36

Richard Rumelt (business professor at UCLA, 2011):

During the whole post-WWII period, the Soviet Union murdered upward of 20 million people, its own citizens and others under its control

True?

1
69

As it usually is the issue with those questions: what counts as someone being killed by the Soviet Union changes the answer. And that is supposing we have reliable numbers of the cause of deaths in the first place.

Soviet archives were only released in 1991, as such it was extremely difficult to assess the situation before then. It is also particularly difficult to tell how accurate the reporting was, e.g: how many people died from being overworked in the Gulag. Per Hoover's article, one such issue is illustrated by Anne Applebaum:

In her Pulitzer-Prize-winning work, Gulag: A History, Anne Applebaum wrote that “both archives and memoirs indicate that it was common practice in many camps to release prisoners who were on the point of dying, thereby lowering camp death statistics.” Expert historian of the gulag Oleg Khlevniuk stated that “early release for disabled and chronically ill prisoners offered an easy opportunity to tweak the figures. … Since they did not die in the camps, they did not affect gulag statistics.”

So what evidence do we have to estimate how many people were killed?

Stephen G. Wheatcroft released the following numbers after the fall of the USSR, based on soviet archives made public:

During 1921–53, the number of sentences was (political convictions): sentences, 4,060,306; death penalties, 799,473; camps and prisons, 2,634,397; exile, 413,512; other, 215,942. In addition, during 1937‒52 there were 14,269,753 non-political sentences, among them 34,228 death penalties, 2,066,637 sentences for 0–1 year, 4,362,973 for 2–5 years, 1,611,293 for 6–10 years, and 286,795 for more than 10 years. Other sentences were non-custodial.

~Victims of Stalinism and the Soviet Secret Police - The Comparability and Reliability of the Archival Data, Not the Last Word - Wheatcroft (1999)

These cover only part of the USSR's lifetime as well (1921-1953), but again faces the risk of under reporting of deaths.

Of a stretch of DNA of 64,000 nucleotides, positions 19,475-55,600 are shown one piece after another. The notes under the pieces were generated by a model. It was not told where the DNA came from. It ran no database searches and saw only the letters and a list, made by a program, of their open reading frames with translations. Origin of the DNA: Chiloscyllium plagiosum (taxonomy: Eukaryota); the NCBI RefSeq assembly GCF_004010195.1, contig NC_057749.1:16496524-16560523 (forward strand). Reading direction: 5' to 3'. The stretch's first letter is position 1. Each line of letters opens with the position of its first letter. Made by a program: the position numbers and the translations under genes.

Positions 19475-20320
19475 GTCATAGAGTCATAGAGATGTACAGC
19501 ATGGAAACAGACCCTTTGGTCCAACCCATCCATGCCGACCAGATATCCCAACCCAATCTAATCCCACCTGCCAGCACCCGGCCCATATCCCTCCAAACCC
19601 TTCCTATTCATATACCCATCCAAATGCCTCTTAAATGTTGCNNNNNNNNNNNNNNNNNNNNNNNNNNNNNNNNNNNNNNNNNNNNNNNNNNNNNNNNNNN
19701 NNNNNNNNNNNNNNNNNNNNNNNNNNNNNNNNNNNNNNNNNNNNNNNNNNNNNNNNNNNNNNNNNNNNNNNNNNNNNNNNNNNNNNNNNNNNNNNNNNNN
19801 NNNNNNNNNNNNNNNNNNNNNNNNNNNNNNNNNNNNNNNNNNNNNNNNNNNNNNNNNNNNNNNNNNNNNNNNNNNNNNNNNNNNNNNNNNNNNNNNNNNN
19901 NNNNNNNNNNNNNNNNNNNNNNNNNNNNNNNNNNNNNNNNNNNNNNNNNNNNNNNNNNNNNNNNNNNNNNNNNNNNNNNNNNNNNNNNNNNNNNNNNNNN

Other estimations used the demographic estimates to get an idea of how many people died based on expected population growth, such as one from Robert Conquest:

"I suggest about eleven million by the beginning of 1937, and about three million over the period 1937–38, making fourteen million. The eleven-odd million is readily deduced from the undisputed population deficit shown in the suppressed census of January 1937, of fifteen to sixteen million, by making reasonable assumptions about how this was divided between birth deficit and deaths."

This other analysis gathered data between 1927 and 1937 to estimate fatalities, adjusting based on expected population growth: Census1927-1937

Said analysis concludes:

New demographic evidence and NKVD criminal homicide data (TsGAOR) confirm that at least 5.2 million people classifiable as excess deaths perished during the thirties. This validates the reliability of excess deaths as a homicide estimator contrary to Anderson’s and Silver’s assertions, and strongly indicates that 4.2 million other computable excess deaths were victims of Stalinism. Higher homicide tolls in the vicinity of 13.5-14.3 million calculated by Conquest are also demographically possible, given remaining uncertainties about unregistered births during the famine years and the censuses of 1937 and 1939.

Back to the question: did the USSR kill over 20M people after WW2?

The answer is that, strictly speaking, we don't know, however...

There was a census done in USSR in 1939, but the following one only came up in 1959. Many events make estimating the population changes extremely difficult, such as WW2 itself, the annexion of several countries by the USSR or the famine. The following ones were done approximately every 10 years from then (1970, 1979 and 1989) and each recorded a population growth.

I would note, however, that most fatalities documented above occured before or during WW2. If 20M deaths (or similar scale estimates) could be attributed to the USSR over the course of its existence, they likely didn't occur after WW2 but before, as the largest recorded demographical drop occured before 1939 based on current knowledge.

10
  • 45
    I think @Asmael does a fine job of explaining why the question is all but unanswerable. – OZ1SEJ May 14 '20 at 6:22
  • 20
    @Nobody Are we reading the same answer? To me it seems entirely on-point. "extremely difficult to assess" and "we don't know" are valid answers, and the answerer goes to some lengths to provide what data he thinks is available. Did you want him to simply answer "true" or "false" without justification? – JBentley May 14 '20 at 7:24
  • 12
    @KennyLJ Literally the next line after what you have quoted directly answers the question! You may not like the answer, but that is different from saying it isn't an answer. – JBentley May 14 '20 at 7:27
  • 4
    Moreover, (1) the two papers I've looked at deal either exclusively with or almost exclusively with the pre-1945 period and thus have nothing to do with this question; nonetheless, on the basis of my reading of these two papers, I shall conclude that this question is unanswerable. – user17967 May 14 '20 at 8:57
  • 17
    @KennyLJ Fine, but that's what the downvote button is for. As I said, disliking the answer is not the same as claiming there is no answer at all. The first two comments here act(ed) as if the answerer did not even attempt an answer. Furthermore, it is not reasonable to expect every answer on skeptics to be from a "professional [in the field] specialising in this area [who has] spent months and years thoroughly reviewing all available evidence". If you want that kind of answer, you probably have to pay a consultant. – JBentley May 14 '20 at 9:35

You must log in to answer this question.